By Matthew Schaller
In the era of 21st century video surveillance, where locating a dangerous suspect responsible for a barbaric act is just a keystroke away, technology should ensure accurate outcomes. However, as evidenced by the August 17th blast at the Erawan Shrine in Bangkok Thailand, it could also be a devastating hindrance in solving an attack that left 20 people dead and more than 120 injured. As a result of this technological issue and numerous other logistical conundrums, police appear no closer to tracking down leads and determining a motive for the attack.
According to the Guardian, Thai police have had to trace the suspect’s movements before and after the blast by utilizing their imagination, since 75 percent of security cameras along the suspect’s getaway route were broken.
“The perpetrator was driving away escaping and there are CCTV cameras following him. Sometimes there were 20 cameras on the street but only five worked,” said Thailand’s National Police Chief Somyot Poompanmoung. What footage was captured is blurry, thus useless to investigators.
Criticism aimed at police for sending mixed signals to the press has not helped the investigation. While Mr. Poompanmoung stated that the suspect was still in the country, this was later countered by a police spokesman, Prawut Thawornsiri. Poompanmoung and the Bangkok Metropolitan Authority continue to defend police response to the bombing.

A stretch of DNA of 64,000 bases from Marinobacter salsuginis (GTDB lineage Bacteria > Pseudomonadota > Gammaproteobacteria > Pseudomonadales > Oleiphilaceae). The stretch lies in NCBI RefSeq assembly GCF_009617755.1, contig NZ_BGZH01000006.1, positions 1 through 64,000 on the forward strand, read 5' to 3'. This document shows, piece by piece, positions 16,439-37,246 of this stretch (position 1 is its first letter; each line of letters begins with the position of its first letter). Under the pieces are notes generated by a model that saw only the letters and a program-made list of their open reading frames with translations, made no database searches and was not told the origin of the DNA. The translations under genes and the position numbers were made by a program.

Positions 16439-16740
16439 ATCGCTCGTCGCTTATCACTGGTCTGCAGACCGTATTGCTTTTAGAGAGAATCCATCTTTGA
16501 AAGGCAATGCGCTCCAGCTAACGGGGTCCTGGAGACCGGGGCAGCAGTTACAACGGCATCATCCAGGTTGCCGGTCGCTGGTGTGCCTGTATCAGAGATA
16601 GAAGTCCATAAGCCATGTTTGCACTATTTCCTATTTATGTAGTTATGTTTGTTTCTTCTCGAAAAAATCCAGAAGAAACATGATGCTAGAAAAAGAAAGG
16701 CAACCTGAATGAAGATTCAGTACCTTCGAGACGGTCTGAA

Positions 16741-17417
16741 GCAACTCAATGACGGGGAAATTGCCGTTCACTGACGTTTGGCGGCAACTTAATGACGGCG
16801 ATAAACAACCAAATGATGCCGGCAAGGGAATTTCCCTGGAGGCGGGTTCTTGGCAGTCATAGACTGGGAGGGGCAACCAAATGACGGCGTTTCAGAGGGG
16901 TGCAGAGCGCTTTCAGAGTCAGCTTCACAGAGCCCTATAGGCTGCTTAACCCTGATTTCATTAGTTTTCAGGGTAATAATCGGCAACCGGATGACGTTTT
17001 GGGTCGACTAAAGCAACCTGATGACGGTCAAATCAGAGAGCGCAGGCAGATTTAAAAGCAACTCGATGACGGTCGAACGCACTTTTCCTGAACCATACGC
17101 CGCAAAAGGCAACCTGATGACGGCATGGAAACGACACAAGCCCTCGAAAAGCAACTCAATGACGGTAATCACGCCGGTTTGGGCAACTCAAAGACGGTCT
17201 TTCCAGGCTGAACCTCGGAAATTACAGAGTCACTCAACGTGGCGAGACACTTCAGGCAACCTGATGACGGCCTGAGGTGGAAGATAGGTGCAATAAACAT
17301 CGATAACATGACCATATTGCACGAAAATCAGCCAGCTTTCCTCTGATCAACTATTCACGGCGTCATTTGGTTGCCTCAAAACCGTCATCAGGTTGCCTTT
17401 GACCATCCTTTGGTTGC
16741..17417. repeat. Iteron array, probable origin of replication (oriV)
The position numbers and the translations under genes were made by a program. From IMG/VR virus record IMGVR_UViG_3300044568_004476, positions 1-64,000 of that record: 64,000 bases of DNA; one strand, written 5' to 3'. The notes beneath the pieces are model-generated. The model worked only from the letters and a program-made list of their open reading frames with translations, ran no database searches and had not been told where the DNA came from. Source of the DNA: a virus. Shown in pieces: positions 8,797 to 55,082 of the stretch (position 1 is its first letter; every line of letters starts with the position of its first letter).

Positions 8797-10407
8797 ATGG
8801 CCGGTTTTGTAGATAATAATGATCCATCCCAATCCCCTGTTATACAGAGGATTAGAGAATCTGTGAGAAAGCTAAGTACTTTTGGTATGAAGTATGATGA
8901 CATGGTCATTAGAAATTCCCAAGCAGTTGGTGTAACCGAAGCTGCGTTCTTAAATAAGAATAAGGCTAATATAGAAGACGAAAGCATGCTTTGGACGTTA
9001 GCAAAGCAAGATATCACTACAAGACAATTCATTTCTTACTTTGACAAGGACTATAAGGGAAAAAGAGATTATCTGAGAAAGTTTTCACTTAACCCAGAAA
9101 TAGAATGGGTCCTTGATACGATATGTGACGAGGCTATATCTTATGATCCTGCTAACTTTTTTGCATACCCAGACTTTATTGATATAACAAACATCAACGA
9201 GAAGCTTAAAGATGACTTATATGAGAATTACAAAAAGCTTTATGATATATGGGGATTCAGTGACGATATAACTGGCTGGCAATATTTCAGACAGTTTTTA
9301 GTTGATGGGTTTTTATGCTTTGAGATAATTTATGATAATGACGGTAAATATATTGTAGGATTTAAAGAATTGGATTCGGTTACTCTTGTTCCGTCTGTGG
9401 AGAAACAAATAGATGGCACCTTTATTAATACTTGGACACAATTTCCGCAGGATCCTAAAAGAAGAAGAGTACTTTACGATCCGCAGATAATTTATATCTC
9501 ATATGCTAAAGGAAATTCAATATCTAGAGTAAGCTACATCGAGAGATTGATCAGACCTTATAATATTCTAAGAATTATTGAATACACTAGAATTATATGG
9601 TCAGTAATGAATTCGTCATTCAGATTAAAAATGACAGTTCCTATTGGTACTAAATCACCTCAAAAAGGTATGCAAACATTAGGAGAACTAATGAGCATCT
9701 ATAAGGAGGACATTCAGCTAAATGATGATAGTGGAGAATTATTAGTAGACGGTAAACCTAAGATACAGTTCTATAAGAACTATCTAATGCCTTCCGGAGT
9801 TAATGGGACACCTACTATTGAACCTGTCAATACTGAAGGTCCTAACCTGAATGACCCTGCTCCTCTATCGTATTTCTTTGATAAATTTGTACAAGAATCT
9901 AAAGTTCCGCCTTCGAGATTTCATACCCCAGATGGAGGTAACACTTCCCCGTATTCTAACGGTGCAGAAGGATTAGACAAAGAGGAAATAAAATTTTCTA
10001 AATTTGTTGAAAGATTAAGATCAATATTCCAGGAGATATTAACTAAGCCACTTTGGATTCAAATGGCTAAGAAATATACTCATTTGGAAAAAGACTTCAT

“Since the bombing, we’ve barely slept. We’re doing the best we can,” Poompanmoung said.
Since taking power in a violent coup in 2014, the military junta’s promise to bring peace and stability to a country that has experienced years of political unrest has amounted to whitewashing incidents to the public and tourists, who contribute almost a fifth of Thailand’s GDP.
According to New Republic, the Ministry of Foreign Affairs issues constant reassurances to the public, such as, “You will be safe during your stay in Thailand and you will also experience friendliness, smiles, and kindness that we always provide.”
The haste to cover up the bombing allowed forensic teams only a few hours to collect evidence, with workers scrubbing the area the next morning.
Anthony Davis, a security analyst based in Bangkok, believes that the most likely perpetrators of the bombing are the Grey Wolves, a nationalist Turkish organization. According to Reuters, a possible motive was Thailand’s recent deportation of the Uighur ethnic group to China. The Grey Wolves were responsible for an attack on the Thai consulate in Istanbul in July.